Launch of the book “Climate Change and Human Rights: contributions from and for Latin America and the Caribbean”

The event was attended by a high-level panel with the participation of the High Commissioner of OHCHR, Michelle Bachelet, and the Executive Secretary of

ECLAC, Alicia Bárcena.

December 09, 2019 — In the context of the COP25 held in Madrid, Spain, the book “Climate change and human rights: contributions from and for Latin America and the Caribbean” was launched, a joint publication produced by the United Nations High Commissioner for Human Rights (OHCHR) and the Economic Commission for Latin America and the Caribbean (ECLAC), with support from the EUROCLIMA+ programme.

The book is a joint effort that seeks to reflect the main human rights standards applicable to climate change. In addition, it highlights some of the most important advances that have been recorded in the region for the strengthening of such an essential perspective in climate action. The publication also emphasises the relationship between gender and climate change.

OHCHR High Commissioner Michelle Bachelet noted that “our report highlights a large number of human rights laws, policies and recommendations that are relevant to ensuring that actions to address climate change in Latin America and the Caribbean place human rights at the centre. The next critical step is to put these words into action, before it's too late,” she said.

For her part, Alicia Bárcena, executive secretary of the Economic Commission for Latin America and the Caribbean (ECLAC), said that “climate change is the biggest market failure in history, and the ultimate expression of intergenerational inequality. And we must not forget that the climate crisis is also a human rights crisis,” she said.

In this context, the executive secretary stressed the importance of this publication: “today’s launch of this book could not be more timely. It is a study that clearly reflects the relevance that the countries of our region give to the link between human rights and climate action. The countries of Latin America and the Caribbean have been pioneers in strengthening the rights of everyone in the fight against climate change. They have led gender and indigenous peoples' initiatives and have notoriously adopted a human rights approach in their NDCs,” she said, highlighting the creation of the Escazú Agreement, an instrument for climate action and governance.   

For his part, Felicce Zaccheo, Head of the Regional Programmes Unit for Latin America, Directorate General for International Cooperation and Development of the European Union, made closing remarks for the activity in which he reiterated the importance that this event has for the European Union (EU).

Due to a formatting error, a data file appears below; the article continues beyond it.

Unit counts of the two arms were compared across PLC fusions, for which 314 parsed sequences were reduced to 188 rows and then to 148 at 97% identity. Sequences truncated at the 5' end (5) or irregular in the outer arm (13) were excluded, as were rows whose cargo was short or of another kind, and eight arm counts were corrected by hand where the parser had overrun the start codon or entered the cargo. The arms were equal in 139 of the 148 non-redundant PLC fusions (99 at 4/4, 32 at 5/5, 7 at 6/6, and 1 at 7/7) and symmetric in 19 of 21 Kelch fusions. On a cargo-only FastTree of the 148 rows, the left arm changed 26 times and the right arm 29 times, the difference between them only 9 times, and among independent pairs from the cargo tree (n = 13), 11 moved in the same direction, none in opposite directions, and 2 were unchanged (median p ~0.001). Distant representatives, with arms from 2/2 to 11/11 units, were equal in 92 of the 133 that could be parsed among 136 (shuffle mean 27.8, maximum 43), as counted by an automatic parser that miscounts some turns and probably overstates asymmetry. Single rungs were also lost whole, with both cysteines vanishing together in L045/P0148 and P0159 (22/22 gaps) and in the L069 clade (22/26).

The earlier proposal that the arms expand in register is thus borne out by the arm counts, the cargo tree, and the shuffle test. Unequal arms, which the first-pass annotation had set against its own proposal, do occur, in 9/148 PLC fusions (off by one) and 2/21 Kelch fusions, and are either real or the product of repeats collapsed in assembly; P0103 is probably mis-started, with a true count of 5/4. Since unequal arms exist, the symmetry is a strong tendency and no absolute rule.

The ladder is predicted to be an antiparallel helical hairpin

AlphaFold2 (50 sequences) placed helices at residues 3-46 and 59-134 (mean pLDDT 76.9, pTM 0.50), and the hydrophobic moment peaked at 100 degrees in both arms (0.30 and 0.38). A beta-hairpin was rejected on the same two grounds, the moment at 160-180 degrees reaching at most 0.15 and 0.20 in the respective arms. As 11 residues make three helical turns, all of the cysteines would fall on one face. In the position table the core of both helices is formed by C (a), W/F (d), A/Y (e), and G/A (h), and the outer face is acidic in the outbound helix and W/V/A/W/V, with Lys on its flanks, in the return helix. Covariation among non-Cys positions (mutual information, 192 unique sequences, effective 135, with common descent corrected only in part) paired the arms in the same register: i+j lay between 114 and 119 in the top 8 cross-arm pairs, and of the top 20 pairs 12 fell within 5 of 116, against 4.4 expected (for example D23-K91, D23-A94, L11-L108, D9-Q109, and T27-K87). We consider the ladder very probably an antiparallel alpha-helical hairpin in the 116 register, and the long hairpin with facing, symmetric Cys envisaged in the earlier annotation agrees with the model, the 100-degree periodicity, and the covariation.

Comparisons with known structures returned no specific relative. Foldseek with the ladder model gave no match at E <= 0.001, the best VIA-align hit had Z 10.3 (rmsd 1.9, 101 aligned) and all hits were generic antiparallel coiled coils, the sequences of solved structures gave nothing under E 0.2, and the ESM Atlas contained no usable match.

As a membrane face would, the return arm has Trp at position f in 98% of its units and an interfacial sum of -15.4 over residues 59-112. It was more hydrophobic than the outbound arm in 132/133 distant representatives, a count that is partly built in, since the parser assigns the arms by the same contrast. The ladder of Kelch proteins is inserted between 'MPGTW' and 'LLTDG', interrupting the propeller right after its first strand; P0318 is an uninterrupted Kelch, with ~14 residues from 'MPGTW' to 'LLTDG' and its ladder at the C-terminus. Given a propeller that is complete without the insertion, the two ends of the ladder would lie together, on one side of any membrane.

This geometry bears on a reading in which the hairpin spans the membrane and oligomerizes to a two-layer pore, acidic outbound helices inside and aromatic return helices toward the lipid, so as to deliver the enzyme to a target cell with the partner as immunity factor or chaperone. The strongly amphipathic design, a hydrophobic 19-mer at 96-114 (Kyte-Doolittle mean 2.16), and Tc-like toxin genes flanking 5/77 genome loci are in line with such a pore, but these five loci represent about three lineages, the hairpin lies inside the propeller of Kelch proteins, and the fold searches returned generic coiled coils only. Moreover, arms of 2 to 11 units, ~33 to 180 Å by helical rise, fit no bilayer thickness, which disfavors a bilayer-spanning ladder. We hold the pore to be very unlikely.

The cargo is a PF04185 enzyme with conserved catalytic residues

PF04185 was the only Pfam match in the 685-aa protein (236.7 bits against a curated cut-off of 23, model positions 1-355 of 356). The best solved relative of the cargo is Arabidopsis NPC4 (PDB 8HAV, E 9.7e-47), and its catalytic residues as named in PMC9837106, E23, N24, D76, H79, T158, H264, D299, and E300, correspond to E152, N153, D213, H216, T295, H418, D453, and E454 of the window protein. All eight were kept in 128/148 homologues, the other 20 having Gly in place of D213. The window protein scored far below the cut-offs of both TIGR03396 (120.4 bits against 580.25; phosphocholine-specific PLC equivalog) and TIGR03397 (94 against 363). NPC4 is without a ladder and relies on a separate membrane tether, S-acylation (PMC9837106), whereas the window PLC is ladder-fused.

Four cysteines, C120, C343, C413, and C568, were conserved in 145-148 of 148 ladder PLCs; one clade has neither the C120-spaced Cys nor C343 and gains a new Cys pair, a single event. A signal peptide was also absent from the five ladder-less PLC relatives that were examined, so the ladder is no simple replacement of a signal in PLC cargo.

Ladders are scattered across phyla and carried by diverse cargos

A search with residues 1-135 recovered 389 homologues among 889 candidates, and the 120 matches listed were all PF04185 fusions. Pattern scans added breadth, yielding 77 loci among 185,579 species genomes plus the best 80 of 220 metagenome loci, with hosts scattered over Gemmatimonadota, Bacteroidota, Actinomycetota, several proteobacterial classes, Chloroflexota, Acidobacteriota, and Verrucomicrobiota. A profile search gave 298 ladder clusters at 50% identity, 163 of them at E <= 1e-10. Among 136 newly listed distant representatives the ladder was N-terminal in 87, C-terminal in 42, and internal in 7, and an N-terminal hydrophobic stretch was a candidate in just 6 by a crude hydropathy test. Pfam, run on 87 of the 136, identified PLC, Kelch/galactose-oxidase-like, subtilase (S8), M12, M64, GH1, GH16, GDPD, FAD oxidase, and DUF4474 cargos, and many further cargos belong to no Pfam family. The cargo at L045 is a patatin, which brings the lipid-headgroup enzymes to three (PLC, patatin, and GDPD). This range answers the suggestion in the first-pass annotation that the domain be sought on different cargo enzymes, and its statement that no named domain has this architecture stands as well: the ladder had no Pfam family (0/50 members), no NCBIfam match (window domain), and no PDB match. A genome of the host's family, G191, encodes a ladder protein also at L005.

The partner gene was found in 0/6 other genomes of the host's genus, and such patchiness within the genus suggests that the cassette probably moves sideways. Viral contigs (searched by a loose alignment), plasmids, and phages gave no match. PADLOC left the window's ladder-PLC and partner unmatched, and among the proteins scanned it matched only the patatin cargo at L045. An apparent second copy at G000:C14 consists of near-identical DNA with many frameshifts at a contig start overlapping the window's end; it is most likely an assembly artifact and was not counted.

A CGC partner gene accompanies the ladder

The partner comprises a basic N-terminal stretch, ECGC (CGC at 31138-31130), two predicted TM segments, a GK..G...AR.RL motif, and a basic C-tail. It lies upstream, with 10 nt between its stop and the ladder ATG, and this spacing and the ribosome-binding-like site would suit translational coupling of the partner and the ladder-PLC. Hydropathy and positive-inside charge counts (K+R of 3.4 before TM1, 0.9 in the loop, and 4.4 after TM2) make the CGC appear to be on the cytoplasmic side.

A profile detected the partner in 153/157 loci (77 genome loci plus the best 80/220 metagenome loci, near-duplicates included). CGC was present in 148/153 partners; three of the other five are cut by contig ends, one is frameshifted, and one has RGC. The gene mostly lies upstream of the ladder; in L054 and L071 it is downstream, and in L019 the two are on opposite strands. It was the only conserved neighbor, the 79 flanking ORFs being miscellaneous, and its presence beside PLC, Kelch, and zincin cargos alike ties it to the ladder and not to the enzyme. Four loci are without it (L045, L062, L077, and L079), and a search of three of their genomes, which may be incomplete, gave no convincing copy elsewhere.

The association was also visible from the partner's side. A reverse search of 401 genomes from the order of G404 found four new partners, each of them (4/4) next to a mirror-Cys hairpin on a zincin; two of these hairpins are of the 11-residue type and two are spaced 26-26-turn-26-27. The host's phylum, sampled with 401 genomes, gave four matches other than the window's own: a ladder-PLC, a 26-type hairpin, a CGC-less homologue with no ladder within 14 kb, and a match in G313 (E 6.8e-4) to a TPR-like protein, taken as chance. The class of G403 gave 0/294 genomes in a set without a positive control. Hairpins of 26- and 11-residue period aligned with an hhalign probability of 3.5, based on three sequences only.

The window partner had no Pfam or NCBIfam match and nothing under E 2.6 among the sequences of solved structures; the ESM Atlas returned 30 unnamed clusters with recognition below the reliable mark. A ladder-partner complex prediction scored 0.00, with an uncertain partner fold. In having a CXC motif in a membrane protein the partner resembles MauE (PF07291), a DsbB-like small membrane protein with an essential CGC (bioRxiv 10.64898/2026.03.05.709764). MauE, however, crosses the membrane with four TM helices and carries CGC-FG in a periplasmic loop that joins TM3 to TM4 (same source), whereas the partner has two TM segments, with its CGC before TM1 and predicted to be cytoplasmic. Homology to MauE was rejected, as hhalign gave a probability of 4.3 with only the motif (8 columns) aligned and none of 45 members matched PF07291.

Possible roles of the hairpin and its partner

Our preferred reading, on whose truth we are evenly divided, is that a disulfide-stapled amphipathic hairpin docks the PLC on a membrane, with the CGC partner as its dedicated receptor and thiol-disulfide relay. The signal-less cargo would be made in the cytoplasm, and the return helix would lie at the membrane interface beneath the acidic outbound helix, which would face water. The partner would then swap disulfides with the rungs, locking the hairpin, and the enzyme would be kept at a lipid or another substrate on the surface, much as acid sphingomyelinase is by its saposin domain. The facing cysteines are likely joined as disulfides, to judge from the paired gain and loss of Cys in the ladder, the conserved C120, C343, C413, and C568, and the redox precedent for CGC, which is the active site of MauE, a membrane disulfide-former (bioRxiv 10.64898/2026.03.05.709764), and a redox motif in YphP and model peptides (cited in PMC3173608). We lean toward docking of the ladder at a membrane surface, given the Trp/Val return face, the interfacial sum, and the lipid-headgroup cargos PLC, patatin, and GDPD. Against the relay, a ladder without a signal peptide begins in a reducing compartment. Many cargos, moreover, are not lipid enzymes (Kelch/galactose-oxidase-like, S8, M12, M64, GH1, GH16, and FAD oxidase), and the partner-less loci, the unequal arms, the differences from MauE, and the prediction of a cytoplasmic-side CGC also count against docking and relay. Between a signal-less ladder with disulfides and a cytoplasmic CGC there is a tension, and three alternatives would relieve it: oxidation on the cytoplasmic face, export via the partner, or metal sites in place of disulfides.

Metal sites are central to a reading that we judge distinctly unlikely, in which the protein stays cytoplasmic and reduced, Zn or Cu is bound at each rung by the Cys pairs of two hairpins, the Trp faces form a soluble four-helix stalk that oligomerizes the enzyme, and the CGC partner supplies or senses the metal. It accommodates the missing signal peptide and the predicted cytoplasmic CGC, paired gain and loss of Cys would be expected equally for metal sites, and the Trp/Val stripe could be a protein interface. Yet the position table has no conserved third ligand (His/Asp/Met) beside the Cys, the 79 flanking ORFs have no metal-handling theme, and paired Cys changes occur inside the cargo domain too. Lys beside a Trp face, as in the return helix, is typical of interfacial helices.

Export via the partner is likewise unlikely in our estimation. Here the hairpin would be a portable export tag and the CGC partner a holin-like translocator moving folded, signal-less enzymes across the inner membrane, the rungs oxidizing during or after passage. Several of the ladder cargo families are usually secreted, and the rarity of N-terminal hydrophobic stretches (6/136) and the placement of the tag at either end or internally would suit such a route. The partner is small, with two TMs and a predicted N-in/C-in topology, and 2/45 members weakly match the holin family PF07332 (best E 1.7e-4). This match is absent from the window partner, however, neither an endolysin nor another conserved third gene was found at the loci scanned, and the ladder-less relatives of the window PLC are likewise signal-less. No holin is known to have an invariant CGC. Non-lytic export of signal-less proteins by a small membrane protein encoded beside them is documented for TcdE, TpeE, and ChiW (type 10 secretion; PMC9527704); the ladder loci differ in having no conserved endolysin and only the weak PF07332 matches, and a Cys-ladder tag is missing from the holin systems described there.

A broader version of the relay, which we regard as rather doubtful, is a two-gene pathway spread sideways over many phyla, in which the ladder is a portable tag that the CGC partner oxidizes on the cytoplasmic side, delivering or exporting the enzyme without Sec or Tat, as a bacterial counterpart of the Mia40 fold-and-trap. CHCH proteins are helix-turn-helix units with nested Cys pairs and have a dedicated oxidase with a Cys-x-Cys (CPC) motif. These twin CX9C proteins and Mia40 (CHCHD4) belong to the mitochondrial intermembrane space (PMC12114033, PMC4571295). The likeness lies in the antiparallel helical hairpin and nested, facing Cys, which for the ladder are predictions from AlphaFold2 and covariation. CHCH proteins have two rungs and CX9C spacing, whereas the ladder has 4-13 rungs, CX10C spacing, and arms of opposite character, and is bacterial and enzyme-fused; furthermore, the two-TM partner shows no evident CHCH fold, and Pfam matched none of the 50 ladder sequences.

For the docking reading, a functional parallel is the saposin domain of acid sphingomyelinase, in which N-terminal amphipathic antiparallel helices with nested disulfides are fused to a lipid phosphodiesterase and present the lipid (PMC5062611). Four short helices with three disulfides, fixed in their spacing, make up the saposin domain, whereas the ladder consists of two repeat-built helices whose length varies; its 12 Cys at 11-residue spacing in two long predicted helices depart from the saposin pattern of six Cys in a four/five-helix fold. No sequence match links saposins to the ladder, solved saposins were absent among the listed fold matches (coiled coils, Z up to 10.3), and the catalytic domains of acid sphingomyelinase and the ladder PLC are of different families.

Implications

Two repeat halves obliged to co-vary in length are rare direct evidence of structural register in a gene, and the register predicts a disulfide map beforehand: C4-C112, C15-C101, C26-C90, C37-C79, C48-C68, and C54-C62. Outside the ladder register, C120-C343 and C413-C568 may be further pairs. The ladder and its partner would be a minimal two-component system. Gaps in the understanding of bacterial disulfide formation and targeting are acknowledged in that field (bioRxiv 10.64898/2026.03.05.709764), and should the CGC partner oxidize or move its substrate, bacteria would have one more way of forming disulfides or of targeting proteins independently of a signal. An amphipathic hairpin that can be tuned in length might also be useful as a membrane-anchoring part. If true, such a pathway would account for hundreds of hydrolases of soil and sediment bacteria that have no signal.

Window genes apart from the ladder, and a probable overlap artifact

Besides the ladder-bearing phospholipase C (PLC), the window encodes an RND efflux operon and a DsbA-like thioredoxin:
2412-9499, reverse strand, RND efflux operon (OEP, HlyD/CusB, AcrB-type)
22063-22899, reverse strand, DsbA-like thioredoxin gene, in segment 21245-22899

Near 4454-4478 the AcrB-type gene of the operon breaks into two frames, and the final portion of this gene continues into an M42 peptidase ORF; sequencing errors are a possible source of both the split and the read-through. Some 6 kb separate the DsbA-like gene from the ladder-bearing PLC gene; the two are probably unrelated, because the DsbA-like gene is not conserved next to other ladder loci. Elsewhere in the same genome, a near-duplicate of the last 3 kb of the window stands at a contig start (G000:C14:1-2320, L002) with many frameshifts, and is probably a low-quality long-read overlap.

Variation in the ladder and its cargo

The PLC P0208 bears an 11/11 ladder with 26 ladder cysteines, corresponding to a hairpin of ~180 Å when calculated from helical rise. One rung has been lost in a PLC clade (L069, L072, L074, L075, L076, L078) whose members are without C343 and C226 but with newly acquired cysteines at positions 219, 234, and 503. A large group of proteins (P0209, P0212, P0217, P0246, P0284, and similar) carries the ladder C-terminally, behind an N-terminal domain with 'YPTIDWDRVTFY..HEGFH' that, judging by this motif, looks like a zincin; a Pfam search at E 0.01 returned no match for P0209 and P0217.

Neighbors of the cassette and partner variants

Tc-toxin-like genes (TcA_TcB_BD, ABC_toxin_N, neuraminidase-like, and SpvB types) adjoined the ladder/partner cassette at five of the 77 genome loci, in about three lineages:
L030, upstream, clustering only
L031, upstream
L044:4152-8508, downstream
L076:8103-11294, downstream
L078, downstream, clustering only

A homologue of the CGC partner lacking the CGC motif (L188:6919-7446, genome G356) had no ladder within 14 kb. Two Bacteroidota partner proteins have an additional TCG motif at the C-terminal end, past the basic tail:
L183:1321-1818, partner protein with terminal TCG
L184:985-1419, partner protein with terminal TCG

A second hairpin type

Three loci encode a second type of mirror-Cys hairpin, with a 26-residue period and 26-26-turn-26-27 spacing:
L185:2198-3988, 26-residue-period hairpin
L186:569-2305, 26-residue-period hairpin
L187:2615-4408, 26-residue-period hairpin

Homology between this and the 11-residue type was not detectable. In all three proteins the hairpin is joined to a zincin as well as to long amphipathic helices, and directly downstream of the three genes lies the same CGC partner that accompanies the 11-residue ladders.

“This event supported by the EUROCLIMA+ programme is a sign of the EU's strong commitment to climate policies and human rights,” he said.

In addition, he pointed out that “climate change affects all human rights but those who will suffer te most from its impact are those with the least income, the most vulnerable people, women, indigenous peoples ... This will clearly pose a threat to social cohesion and peace,” explained the senior EU official.

In this regard, the head of the EU's Regional Programmes Unit for Latin America highlighted the role that EUROCLIMA+ has in supporting the countries of the region on climate governance issues.

“The programme is implementing climate governance instruments in different Latin American countries, such as, for example, the Country Roundtable, which addresses national challenges under the framework of the Paris Agreement,” he explained.

The event was also attended by Milciades Concepción, Minister of Environment of Panama; Lorena Aguilar Revelo, Deputy Minister of Foreign Affairs and Protocol of Costa Rica; Gale Rigobert, Minister of Education, Innovation, Gender, Relations and Sustainable Development; Emmanuel Chamberlain, Chief, Environmental Sustainability Cluster, Organisation of Eastern Caribbean States (OECS); and the moderator was Joseluis Samaniego, Director of the Sustainable Development and Human Settlements Division of ECLAC.

More information


Complete video of this side event on the Facebook page of @EUROCLIMAplus


EUROCLIMA+ is a programme funded by the European Union to promote environmentally sustainable and climate-resilient development in 18 Latin American countries, particularly for the benefit of the most vulnerable populations. The Programme is implemented under the synergistic work of seven agencies: Spanish Agency for International Development Cooperation (AECID), French Development Agency (AFD), Economic Commission for Latin America and the Caribbean (ECLAC), Expertise France (EF), International and Ibero-American Foundation for Administration and Public Policies (FIIAPP), the German society for international cooperation (GIZ), and UN Environment.


For more information about EUROCLIMA+, contact Alexandra Cortés: 

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Euroclima is the European Union's flagship programme on environmental sustainability and climate change with Latin America. It aims to reduce the impact of climate change and its effects in Latin America by promoting climate change mitigation and adaptation through resilience and investment. 
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